Your gift to help a hardworking entrepreneur will double in impact thanks to a generous World Vision partner.
Kathleen is from Philippines. She has 3 children. She needs a loan of $175 to expand inventory.
Kathleen Presbitero is from Sogod, Cebu where she has a food vending business selling meat products, like hotdogs and longganisa. Business is good, but she is wanting to increase her profits and feels that adding more items to her inventory would be a good way to do that. Kathleen is requesting funding from World Vision to purchase additional items like rice, fruit juice, bread and banana cue (a popular snack item in the Philippines of deep fried bananas coated in caramelized brown sugar, usually skewered in bamboo stick).
Kathleen is a hard worker and is also raising 3 children: Ionah Hyacinth-11, Lourd Rashid-8 and Lance Ulrick-5. All of her income goes to providing for their daily needs and schooling. She wants her children to have a good life and to get a good education. The extra income would help her pay the school fees so that they can stay in school.
Being a successful business women is important to Kathleen. She wants to show her children that by working hard you can have a better life.
Retail is a quick and scalable way to begin earning a profit. Many entrepreneurs begin with stalls at markets or even at home and need a loan to expand or increase their inventory. Others may be ready to open a small store. Goods purchased from loan funds range from clothing, grocery or sundry items to jewelry, candy, perfume or health and beauty supplies. Loans in the commerce sector account for around 33% of our loans.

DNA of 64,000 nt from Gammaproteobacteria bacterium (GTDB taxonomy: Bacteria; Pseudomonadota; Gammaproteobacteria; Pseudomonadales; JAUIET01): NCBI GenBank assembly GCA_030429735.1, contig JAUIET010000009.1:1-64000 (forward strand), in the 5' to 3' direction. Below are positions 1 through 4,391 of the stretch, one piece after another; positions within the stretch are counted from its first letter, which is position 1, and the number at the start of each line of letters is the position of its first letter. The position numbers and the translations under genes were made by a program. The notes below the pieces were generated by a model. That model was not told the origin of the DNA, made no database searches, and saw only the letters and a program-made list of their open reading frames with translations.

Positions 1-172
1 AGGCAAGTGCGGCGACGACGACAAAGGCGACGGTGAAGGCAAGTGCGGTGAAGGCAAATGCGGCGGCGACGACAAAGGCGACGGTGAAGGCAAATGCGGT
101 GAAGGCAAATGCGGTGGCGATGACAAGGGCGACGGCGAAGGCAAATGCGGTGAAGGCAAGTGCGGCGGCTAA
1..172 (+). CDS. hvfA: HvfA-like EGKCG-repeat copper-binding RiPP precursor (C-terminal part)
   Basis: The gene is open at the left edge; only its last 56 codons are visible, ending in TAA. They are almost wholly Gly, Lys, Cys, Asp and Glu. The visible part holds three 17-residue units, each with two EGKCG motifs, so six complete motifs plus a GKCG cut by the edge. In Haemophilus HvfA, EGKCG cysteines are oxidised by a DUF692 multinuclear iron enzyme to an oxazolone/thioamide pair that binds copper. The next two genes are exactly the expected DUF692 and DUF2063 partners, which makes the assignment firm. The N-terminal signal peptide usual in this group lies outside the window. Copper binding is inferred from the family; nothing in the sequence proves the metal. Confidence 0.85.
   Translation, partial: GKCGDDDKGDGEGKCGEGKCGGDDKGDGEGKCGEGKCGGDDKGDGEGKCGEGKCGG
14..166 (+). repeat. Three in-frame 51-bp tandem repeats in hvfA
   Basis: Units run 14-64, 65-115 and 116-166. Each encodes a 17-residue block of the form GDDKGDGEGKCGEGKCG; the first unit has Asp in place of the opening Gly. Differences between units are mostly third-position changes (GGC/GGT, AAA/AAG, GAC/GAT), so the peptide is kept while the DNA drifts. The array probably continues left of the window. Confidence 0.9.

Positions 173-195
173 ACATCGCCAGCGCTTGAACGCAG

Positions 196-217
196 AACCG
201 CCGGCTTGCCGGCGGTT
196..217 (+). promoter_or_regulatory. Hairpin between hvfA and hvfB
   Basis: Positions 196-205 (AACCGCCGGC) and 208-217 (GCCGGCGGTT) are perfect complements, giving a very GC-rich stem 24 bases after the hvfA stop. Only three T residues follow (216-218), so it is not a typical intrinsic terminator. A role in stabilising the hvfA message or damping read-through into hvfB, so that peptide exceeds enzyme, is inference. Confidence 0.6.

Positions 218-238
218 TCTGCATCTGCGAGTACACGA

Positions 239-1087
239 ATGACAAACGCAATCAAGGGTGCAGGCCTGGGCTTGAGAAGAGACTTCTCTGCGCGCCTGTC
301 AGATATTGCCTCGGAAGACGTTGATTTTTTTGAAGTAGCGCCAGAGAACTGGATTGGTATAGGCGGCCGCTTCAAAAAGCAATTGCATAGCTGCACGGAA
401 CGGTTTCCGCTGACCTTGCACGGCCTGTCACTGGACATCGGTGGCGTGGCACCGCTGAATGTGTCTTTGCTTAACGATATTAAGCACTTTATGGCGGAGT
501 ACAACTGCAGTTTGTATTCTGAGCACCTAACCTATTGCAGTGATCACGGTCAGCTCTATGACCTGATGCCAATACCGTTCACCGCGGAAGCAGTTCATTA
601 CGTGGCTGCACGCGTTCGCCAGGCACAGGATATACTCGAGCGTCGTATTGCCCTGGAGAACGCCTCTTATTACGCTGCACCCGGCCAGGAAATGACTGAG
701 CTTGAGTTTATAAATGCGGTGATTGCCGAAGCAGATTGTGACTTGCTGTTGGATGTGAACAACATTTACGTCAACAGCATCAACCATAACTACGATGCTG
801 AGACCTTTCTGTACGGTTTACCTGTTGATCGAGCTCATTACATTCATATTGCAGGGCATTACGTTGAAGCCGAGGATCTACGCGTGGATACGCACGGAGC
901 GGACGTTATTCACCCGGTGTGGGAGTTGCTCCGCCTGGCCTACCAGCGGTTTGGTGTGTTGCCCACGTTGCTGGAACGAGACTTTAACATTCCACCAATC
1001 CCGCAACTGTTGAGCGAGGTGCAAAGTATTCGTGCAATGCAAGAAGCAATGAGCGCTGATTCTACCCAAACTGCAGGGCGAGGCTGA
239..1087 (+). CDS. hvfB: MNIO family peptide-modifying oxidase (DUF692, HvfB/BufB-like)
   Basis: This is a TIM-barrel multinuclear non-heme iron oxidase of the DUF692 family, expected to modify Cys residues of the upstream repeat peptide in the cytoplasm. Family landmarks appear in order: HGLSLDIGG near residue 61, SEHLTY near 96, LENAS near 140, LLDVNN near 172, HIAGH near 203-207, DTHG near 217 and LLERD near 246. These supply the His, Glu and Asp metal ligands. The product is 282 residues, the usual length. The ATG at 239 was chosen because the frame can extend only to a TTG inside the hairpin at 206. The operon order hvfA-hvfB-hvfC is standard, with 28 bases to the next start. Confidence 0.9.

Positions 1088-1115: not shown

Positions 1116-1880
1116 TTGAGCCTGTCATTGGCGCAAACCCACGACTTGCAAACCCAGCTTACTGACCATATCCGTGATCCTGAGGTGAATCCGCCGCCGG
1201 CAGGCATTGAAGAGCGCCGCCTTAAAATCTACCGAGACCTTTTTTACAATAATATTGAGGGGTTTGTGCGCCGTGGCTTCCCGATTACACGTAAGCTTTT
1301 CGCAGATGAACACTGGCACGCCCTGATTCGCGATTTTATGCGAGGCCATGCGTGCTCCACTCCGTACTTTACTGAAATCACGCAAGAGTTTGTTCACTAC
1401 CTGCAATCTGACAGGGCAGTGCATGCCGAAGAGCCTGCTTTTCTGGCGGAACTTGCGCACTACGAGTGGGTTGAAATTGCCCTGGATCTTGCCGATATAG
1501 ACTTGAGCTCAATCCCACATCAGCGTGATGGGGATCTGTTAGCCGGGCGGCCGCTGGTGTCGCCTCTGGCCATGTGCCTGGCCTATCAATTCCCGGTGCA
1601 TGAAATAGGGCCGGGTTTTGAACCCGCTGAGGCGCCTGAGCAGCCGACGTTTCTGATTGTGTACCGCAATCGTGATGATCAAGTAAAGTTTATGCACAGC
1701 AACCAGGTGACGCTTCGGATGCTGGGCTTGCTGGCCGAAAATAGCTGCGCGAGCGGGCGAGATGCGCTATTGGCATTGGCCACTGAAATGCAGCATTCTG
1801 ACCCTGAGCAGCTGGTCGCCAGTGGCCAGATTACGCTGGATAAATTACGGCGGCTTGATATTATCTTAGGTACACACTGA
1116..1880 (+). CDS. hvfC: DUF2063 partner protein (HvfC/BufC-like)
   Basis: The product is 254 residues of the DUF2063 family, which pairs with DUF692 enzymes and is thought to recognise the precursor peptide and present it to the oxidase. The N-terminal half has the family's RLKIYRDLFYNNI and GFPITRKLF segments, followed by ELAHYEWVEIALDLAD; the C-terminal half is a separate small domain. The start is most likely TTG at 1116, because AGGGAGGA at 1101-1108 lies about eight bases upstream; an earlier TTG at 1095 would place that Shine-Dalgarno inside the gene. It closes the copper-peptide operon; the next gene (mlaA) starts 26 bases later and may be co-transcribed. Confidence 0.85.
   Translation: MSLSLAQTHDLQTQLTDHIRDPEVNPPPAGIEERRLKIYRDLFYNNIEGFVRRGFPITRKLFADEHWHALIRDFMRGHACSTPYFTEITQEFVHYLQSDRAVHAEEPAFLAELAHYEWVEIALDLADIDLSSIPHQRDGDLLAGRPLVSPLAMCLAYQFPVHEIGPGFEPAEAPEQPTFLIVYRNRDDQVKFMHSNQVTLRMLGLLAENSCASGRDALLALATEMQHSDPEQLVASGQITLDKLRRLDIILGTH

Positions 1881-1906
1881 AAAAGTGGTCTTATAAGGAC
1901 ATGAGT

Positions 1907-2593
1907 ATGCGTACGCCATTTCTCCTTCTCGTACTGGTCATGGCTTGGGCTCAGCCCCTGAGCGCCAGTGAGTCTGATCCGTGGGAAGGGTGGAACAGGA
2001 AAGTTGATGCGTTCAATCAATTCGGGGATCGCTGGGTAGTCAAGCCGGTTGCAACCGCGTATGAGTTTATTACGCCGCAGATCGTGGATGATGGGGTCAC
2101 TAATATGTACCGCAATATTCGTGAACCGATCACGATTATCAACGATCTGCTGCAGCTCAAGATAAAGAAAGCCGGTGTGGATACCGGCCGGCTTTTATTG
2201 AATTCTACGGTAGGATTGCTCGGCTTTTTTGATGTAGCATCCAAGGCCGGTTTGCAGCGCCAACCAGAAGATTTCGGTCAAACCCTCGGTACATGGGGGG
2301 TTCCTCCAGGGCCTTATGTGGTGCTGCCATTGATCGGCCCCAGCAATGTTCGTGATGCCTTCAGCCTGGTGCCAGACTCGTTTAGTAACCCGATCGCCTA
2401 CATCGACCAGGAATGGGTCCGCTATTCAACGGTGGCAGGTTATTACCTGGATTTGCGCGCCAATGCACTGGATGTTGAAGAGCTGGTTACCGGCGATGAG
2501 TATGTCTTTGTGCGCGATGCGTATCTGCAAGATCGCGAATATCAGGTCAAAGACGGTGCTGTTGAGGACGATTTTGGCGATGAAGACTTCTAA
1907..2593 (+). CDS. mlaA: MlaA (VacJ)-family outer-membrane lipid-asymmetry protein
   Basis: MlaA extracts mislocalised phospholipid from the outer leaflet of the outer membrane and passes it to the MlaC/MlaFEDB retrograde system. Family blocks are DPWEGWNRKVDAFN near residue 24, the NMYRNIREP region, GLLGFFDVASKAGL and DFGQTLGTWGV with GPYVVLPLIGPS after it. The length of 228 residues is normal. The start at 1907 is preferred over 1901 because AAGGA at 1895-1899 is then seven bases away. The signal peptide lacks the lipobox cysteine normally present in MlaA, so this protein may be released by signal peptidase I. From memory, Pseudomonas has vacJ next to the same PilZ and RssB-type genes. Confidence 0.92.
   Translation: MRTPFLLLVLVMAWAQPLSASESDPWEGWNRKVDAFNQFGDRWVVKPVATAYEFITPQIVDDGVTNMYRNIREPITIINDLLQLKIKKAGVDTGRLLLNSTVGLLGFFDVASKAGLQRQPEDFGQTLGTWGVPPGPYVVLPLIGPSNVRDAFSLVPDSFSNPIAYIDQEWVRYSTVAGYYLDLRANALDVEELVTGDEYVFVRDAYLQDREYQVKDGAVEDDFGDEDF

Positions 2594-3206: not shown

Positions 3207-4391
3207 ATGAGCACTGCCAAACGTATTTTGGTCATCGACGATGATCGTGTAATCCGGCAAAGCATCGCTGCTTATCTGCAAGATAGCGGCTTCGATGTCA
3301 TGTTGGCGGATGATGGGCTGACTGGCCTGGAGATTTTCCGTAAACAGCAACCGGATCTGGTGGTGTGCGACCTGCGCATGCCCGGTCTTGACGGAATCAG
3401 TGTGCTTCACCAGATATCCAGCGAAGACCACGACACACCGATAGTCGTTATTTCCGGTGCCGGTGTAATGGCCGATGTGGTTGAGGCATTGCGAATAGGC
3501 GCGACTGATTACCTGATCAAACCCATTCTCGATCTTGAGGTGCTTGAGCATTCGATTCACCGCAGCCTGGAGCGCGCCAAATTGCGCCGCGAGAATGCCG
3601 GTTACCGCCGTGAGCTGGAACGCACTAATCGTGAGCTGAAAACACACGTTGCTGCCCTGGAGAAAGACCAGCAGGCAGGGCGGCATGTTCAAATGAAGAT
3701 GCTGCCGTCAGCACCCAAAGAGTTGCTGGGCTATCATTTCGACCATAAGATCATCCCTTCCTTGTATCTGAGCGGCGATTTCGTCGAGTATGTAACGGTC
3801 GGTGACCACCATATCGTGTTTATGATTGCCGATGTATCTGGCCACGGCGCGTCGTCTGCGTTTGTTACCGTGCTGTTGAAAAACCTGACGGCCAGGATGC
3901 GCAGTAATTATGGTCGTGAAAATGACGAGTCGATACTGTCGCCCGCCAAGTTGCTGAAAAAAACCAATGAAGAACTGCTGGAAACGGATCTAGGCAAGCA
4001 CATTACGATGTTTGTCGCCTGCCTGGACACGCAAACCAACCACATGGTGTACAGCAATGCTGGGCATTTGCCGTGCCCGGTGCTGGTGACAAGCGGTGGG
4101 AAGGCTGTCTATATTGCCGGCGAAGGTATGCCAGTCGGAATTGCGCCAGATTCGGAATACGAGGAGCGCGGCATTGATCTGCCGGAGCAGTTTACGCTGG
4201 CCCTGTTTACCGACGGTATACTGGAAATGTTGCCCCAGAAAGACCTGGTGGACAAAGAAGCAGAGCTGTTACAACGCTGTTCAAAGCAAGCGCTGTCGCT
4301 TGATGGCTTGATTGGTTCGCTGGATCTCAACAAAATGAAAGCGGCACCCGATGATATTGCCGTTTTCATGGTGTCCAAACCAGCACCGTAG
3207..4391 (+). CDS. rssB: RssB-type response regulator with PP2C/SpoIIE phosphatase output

World Vision began working with the people of the Philippines in Manila in 1954. Childcare projects began shortly thereafter to help fund orphanages and daycare centers, health-care programs, educational assistance, hygiene, and spiritual enrichment projects. The Good Shepherd’s Fold Orphanage Project provided a gas stove, 600 reference books, musical instruments, vegetable seeds, and 3,000 textbooks to children on the island of Guimaras.
From 1960 to 1969, sponsorship continued to grow with the addition of the Mercyville orphanage in the village of Polonulig on the island of Mindanao. In addition, the Philippines Medical Boat Mission Project ministered to suffering people in remote, sea-locked villages. Medical and
evangelical teams provided health care through two- and three-day clinics in churches and homes.
World Vision opened the Manila office in 1972. Staff sought to improve communities and continued sharing the message of the Gospel. By the end of the decade World Vision sponsored 29,750 children. Community development projects provided a comprehensive approach to integrate
development among the small islands, which typically have few resources and are inaccessible during rough seas. Projects there sought to promote fishing, health care, sanitation, and education. The Ilin Island Fishing Project benefited 600 people by promoting self-sufficiency through agricultural production, increased fishing harvests, and improved water supplies.
Kathleen used her loan to continue selling frozen and processed meats. She noticed she is able to deliver more orders and accommodate more requests because she now has the capacity to meet her customers' needs. She is grateful for this help.
Her extra income helps to pay her children's school fees. Kathleen is making her loan payments on time.
Kathleen's business has grown and continues to generate a profit. She provides more nutritious food for her family and continues to pay the school fees for her three children.
Her loan is paid in full. These funds are now available to help another worthy entrepreneur in her community. Thank you for supporting Kathleen and World Vision Micro!